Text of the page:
The early works of the artist Helen Chadwick, who had a great impact on me, made use of images of her own body. In the late 1980s a change occurred and she wrote: “I made a conscious decision in 1988 not to represent my body … It immediately declares female gender and I wanted to be more deft.” And “deft” is how every poet should be. However, when applying the same idea to poetry I saw how perspective we can be in our assumptions on the influence of gender on writing.
In the past few weeks I have been searching to find if women really do write female true love poems, which is different from male poetry and what are the characteristics of these “female poems”. And, it’s not just me, other women and even men are looking to find if this is really the case. This is the case when women readers are happy to get their hands on any good poetry, while their male counterparts are skeptical when it comes to read poetry written by women. Also, I have noticed that it’s hard to find men that review women’s books, as you have to have sorts of specialized expertise to do this.
The advantage if the poet is an outsider is that the discomfort makes a clearer vision.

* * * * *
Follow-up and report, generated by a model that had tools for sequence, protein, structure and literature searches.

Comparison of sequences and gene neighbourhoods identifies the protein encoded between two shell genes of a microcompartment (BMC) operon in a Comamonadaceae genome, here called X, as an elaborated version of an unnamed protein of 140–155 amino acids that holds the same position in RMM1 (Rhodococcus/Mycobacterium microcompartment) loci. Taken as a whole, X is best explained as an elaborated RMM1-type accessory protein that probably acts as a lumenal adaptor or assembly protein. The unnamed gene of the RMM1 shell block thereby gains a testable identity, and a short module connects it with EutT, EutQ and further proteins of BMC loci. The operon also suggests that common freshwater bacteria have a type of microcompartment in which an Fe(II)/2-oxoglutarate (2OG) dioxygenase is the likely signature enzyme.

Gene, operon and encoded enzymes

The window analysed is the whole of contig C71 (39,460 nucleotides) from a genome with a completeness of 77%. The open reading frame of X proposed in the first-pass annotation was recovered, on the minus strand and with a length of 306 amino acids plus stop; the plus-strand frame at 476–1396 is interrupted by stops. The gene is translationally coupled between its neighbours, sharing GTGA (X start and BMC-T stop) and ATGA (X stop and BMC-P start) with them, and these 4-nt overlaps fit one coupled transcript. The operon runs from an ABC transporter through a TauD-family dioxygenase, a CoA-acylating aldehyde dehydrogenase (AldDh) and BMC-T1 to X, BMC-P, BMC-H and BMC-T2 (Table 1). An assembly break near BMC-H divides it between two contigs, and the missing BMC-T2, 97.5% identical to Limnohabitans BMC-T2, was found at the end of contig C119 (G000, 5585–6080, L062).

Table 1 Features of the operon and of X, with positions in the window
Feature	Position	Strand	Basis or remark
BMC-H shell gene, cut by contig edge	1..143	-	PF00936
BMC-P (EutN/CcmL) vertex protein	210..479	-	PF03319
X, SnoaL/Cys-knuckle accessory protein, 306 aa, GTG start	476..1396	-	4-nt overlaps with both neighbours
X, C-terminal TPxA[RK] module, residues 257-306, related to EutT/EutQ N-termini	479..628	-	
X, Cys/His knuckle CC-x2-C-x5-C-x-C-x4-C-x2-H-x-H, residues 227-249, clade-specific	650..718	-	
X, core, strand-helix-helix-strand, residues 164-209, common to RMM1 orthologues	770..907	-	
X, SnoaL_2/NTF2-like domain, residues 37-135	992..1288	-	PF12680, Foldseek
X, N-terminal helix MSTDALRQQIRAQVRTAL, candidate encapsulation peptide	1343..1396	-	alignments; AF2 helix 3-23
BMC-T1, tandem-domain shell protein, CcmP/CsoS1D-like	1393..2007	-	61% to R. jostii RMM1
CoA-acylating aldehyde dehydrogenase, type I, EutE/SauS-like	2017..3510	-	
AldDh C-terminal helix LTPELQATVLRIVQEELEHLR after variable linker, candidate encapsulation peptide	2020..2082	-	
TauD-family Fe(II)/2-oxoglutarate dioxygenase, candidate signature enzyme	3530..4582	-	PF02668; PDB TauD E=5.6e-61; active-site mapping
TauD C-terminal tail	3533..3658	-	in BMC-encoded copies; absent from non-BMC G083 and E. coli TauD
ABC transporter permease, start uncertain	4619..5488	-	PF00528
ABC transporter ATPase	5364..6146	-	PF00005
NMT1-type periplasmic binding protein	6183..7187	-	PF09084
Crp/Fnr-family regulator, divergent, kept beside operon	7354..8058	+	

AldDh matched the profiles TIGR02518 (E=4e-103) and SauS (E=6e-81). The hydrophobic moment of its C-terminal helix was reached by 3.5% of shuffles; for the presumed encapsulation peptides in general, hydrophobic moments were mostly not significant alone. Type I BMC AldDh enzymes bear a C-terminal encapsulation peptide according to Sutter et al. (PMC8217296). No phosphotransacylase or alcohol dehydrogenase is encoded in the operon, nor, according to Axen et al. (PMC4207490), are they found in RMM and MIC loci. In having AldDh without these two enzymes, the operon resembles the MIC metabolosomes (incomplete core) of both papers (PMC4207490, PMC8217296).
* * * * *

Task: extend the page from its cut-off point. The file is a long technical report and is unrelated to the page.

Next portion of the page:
We need to cherish the freedom of the shifting boundaries. There is an extreme polarity between male and female, but that doesn’t define who we are and how we write. The poet should move and shift between a continuum of masculinity and femininity with only one purpose, to bring to life the character which is needed. If you are afraid to do this or don’t know how, just remember that many great poets, like Keats and Dickinson, do this.
We can never quite be sure if there is a distinctly female poetic sensibility. Some people think that you could pinpoint the unique openness to the body and the world to the female writing; others think that these are exciting options for a writer of any gender. Just as some territories of writing may be seen as a bit masculine are still open to anybody.